Social Media? A No Brainer. How VIDA Goes Beyond It to Help Women Get Published and Reviewed
Posted By Emily Warn on March 5, 2014Imagine if Costco went Vegan with half its free food samples. Something like that happened to the sampling of books in the New York Times Book Review (NYTBR) and many other prominent American literary magazines. In 2010, the NYTBR overall featured or published roughly 67% men to 33% women. In 2013, the numbers evened to roughly fifty-fifty. Wow!
VIDA, a grassroots organization devoted to women in the literary arts, is behind this dramatic shift. How did VIDA change such major cultural institutions in such a short time?
You know what I’m going to say, right? Social media, social media, social media. You’re half-right. But VIDA figured out something else. At the recent AWP Conference, VIDA Executive Board member Amy King told me, “From the very beginning, we used social media as a way to start a conversation.”
Organizing a Flash Mob into One of Those Things with a Board of Directors
Many movements start as a cultural flashpoint. VIDA’s big bang happened when Publishers Weekly (PW) failed to include a single woman author on its list of best books of 2009. In its announcement of the list, PW acknowledged the disparity and explained why it was A-Ok.
In response, VIDA rallied public outrage on social media, resulting in lots of coverage in traditional media. Step one accomplished. VIDA might have fizzled out like many other movements that caught fire on social media if they had they not understood its strengths and weaknesses as a grassroots organizing tool.
Social Media Soap Bubble
Interaction on social media is ephemeral. A viral flare can momentarily call attention to an issue. VIDA immediately saw that the unfairness of the PW list was just a tiny chip in a very flawed publishing world. They wanted to transform the outrage about PW’s list into a movement to redress the scanty attention paid to women writers in the publishing industry.
VIDA conducted its original campaign on both traditional and social media to make sure the larger cultural discussion lasted longer than a soap bubble. Talking with the Guardian in 2009, VIDA President Cate Marvin pointed out the many noteworthy books by women published in 2009 and then said:
“It continues to surprise me that literary editors are so comfortable with their bias toward male writing, despite the great and obvious contributions that women authors make to our contemporary literary culture.”
Marvin goes from countering facts (the list) with other facts (the books by women that the list missed) to broadening the issue (literary editors have a bias toward male writers)—this a great strategy for landing PR in a traditional media channel.
Using Traditional Media to Build a Social Media Fan Base
VIDA transferred the energy from the mainstream media to garnering attention in social media and vice versa. Some of its social media strategy is basic; some not.
Effectively Using an Organization’s Facebook Page: Most pundits say “Create a Facebook page and start posting.” A no brainer. But on VIDA’s page, VIDA posts links to articles about issues related to women writers, not just to the numbers being published. Over time, these posts turned VIDA’s Facebook page into a community resource and solidified VIDA as an organization who cares about the big picture, not just the issue du jour. They now have 12.7K Facebook friends.
The Public is the Personal: VIDA leaders, such as Erin Belieu, Cate Marvin, and Amy King, are the faces and souls of VIDA on social media. Many members of VIDA’s leadership team and executive board post about VIDA, a tack that is critical in fostering an ongoing, welcoming conversation.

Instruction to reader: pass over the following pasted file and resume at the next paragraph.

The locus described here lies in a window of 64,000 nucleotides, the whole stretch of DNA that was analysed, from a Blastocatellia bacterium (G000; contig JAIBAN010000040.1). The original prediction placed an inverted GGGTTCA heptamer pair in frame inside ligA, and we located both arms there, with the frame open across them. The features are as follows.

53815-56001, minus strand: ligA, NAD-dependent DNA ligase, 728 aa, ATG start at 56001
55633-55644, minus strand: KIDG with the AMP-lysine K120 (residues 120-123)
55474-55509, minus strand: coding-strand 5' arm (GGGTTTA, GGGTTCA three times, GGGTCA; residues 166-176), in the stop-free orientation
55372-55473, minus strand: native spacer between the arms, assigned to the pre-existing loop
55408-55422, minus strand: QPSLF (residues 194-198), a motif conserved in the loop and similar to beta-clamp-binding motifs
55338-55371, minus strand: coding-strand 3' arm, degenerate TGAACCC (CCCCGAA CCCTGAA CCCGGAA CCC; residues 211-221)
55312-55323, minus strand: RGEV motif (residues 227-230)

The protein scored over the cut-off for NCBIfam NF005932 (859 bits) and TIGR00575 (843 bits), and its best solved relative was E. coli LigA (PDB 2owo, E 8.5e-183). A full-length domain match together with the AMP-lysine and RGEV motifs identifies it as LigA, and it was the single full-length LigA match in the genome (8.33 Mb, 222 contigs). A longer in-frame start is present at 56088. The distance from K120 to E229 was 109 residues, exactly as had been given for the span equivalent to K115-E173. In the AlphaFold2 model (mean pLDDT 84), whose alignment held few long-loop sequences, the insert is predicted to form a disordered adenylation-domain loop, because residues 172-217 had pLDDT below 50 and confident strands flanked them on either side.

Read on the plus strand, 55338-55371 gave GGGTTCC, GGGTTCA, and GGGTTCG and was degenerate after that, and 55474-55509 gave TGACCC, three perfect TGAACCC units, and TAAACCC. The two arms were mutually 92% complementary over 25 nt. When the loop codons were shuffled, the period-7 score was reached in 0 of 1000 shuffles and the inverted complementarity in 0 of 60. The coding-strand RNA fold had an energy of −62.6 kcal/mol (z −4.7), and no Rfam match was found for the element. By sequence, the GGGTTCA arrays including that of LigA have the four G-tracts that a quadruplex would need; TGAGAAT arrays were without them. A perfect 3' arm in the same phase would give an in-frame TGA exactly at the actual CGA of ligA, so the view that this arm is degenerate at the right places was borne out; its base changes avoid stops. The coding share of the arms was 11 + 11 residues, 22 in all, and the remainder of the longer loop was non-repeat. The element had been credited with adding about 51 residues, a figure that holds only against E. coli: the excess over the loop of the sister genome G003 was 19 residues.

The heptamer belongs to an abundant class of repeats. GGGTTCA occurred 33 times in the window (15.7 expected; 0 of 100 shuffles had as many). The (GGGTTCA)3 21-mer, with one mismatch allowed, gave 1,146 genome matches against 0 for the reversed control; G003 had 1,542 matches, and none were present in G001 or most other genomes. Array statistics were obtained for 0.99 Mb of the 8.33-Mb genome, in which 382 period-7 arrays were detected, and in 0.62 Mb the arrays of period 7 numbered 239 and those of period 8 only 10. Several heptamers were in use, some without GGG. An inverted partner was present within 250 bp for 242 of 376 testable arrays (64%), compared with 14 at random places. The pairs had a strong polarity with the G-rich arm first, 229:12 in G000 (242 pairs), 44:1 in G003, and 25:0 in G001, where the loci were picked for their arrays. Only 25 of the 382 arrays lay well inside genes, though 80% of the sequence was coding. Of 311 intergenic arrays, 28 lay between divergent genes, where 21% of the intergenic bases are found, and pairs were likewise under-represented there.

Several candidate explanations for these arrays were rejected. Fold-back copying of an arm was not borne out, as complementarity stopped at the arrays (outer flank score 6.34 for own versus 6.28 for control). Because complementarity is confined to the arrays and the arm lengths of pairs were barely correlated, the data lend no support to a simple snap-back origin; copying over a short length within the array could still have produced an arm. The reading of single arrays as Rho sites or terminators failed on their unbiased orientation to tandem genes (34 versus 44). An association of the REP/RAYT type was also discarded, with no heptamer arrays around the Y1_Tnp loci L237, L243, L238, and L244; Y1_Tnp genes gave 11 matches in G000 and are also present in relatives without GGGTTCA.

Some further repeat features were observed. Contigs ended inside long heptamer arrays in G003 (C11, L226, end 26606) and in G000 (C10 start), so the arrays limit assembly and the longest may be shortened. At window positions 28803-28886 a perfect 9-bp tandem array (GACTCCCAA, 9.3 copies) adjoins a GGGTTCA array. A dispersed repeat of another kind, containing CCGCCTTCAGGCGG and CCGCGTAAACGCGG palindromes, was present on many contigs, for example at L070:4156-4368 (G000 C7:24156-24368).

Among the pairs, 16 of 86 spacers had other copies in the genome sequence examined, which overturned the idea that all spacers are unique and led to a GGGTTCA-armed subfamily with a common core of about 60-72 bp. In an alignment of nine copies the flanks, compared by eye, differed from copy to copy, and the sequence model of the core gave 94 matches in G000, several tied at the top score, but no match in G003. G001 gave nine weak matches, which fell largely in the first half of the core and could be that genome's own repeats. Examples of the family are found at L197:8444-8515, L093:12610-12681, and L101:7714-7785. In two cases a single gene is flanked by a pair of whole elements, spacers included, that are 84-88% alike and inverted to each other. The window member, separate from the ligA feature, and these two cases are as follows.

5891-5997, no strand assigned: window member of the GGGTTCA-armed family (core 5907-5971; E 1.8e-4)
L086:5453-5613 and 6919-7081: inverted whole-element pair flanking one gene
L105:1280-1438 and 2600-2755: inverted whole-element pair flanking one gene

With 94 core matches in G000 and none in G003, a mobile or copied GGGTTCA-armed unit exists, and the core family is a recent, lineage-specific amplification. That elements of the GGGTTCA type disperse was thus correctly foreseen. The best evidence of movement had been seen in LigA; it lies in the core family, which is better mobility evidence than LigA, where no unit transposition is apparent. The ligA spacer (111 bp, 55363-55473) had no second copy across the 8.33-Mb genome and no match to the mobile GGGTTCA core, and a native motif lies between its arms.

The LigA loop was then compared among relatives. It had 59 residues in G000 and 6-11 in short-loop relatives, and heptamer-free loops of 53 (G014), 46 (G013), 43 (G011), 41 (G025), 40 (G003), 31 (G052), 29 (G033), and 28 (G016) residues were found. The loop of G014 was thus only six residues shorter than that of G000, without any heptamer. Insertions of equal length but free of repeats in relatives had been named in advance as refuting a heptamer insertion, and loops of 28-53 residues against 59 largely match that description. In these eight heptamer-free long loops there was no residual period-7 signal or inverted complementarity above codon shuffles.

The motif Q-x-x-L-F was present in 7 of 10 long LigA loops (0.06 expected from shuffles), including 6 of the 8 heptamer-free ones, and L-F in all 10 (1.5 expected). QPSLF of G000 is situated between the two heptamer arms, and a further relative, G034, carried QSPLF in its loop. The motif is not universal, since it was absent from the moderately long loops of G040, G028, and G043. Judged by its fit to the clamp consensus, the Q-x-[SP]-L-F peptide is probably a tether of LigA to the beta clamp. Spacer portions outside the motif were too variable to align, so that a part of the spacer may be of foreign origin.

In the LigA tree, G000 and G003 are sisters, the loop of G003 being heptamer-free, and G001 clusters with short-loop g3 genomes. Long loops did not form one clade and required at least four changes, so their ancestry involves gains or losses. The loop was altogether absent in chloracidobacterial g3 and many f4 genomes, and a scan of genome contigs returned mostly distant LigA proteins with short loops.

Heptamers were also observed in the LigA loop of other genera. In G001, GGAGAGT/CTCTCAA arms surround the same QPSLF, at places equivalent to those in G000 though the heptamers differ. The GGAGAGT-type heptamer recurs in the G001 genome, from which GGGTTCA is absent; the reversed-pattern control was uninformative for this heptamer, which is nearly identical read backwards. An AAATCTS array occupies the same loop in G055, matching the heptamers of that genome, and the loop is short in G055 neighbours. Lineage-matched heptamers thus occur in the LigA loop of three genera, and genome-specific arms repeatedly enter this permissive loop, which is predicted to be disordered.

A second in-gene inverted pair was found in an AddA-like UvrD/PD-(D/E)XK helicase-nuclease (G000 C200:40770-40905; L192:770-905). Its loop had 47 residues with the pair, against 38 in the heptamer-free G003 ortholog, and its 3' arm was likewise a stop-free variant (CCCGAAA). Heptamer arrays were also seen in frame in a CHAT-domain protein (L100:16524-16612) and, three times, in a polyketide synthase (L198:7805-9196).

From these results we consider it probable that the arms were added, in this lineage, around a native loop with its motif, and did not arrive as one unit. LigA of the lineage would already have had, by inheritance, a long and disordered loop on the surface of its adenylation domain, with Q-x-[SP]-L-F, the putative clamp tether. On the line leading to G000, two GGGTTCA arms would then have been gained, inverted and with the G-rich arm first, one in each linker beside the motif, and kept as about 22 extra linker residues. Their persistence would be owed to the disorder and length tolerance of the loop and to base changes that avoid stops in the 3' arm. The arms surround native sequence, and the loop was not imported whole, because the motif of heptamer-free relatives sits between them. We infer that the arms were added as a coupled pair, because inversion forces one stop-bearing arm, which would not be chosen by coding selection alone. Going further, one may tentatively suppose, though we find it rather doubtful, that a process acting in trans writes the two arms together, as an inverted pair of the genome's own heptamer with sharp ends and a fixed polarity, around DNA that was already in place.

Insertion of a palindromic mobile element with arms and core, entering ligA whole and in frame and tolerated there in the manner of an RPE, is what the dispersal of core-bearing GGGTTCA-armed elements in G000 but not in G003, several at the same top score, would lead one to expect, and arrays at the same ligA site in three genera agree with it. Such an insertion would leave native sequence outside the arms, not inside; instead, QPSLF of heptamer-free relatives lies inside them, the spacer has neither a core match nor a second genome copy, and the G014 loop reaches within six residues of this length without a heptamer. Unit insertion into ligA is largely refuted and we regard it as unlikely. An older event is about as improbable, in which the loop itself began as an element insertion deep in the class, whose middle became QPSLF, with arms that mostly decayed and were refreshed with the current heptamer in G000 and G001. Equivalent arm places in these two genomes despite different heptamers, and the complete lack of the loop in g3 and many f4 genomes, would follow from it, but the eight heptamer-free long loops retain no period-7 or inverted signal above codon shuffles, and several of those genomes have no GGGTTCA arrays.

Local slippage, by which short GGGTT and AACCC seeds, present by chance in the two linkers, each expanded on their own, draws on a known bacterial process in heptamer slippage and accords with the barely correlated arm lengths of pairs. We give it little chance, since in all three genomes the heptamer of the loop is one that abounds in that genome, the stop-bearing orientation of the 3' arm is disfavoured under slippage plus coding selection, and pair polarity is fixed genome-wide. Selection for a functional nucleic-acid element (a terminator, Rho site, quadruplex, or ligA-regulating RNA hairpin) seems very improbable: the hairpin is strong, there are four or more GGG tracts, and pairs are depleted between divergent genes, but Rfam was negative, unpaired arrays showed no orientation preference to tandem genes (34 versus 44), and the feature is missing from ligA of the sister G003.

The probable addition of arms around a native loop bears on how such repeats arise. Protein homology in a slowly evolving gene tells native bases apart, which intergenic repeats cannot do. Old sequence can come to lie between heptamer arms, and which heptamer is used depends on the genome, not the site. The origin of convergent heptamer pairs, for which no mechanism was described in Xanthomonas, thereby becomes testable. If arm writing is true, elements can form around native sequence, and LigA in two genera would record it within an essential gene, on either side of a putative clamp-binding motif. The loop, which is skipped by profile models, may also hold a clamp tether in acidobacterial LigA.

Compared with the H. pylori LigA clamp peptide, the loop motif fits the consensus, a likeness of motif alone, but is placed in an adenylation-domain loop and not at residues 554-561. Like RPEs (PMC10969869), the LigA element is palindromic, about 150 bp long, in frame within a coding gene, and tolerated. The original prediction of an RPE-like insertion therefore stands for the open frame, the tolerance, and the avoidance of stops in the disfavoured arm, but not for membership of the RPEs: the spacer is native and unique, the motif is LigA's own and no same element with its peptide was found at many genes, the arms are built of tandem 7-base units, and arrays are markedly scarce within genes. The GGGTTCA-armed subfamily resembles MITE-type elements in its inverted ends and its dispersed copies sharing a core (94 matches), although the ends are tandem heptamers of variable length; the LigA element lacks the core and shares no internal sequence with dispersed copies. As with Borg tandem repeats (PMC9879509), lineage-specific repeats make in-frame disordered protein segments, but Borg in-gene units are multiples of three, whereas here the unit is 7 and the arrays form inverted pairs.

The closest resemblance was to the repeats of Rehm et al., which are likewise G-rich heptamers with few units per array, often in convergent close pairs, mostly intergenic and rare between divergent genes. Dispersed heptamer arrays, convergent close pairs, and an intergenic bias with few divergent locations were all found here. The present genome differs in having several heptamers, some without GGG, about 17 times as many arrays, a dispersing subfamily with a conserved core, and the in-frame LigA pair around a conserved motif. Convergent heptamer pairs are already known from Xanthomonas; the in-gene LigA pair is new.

If the VIDA Facebook page has become a community resource, the Comment streams of its leaders and members is where a lot of debate happens. For example, look at the back and forth in this recent Facebook post by Erin Belieu. She’s the Vice President of VIDA Public Relations and has almost 5,000 Facebook friends:
Erin points people to a BuzzFeed article about issues women writers face. Stephen Kuusisto, a visually-impaired poet and writer, chimes in that cultural assumptions about disabled writers are even worse. Erin’s response to him is classy, civil, smart, and caring.
She connects with him on a personal level by revealing that her own son has a disability, and then offers to talk to him about organizing politically around this issue (and she doesn’t, you might have noticed, offer to organize it herself). In response to her offer, Kuusisto reveals how lonely he’s been. That’s sad and true and galvanizing. He’s turned to VIDA because of their success in turning small conversations into larger ones.
Erin and other key VIDA people have been posting and responding in this same manner on Facebook since 2009; they also use Twitter well (more on their Tweets in another post). You can see how they’ve built a community through talking and listening to one person at a time.
The Circle Keeps Getting Larger
From traditional media coverage, to community conversations on social media, to real-world community activity, to sharing that activity on social media. Ta da! The New York Times Book Review NOW lets us read more about books by women and more reviews of books written by women. When Slate asked Pamela Paul, the editor of the NYTBR how she made the change, she responded:
“It is not hard work at all. That’s the big secret: It’s not hard!” Paul told NPR on Wednesday morning. “There are so many good books out there by women, and there are so many incredibly good book critics out there who are women. So I actually have to say that I didn’t find it to be an incredible strain.”
You can learn more about joining the conversation at VIDA’s website. Or start your own. If you become a VIDA member, you gain access to its forums where a huge number of discussions are taking place. And then there’s social media.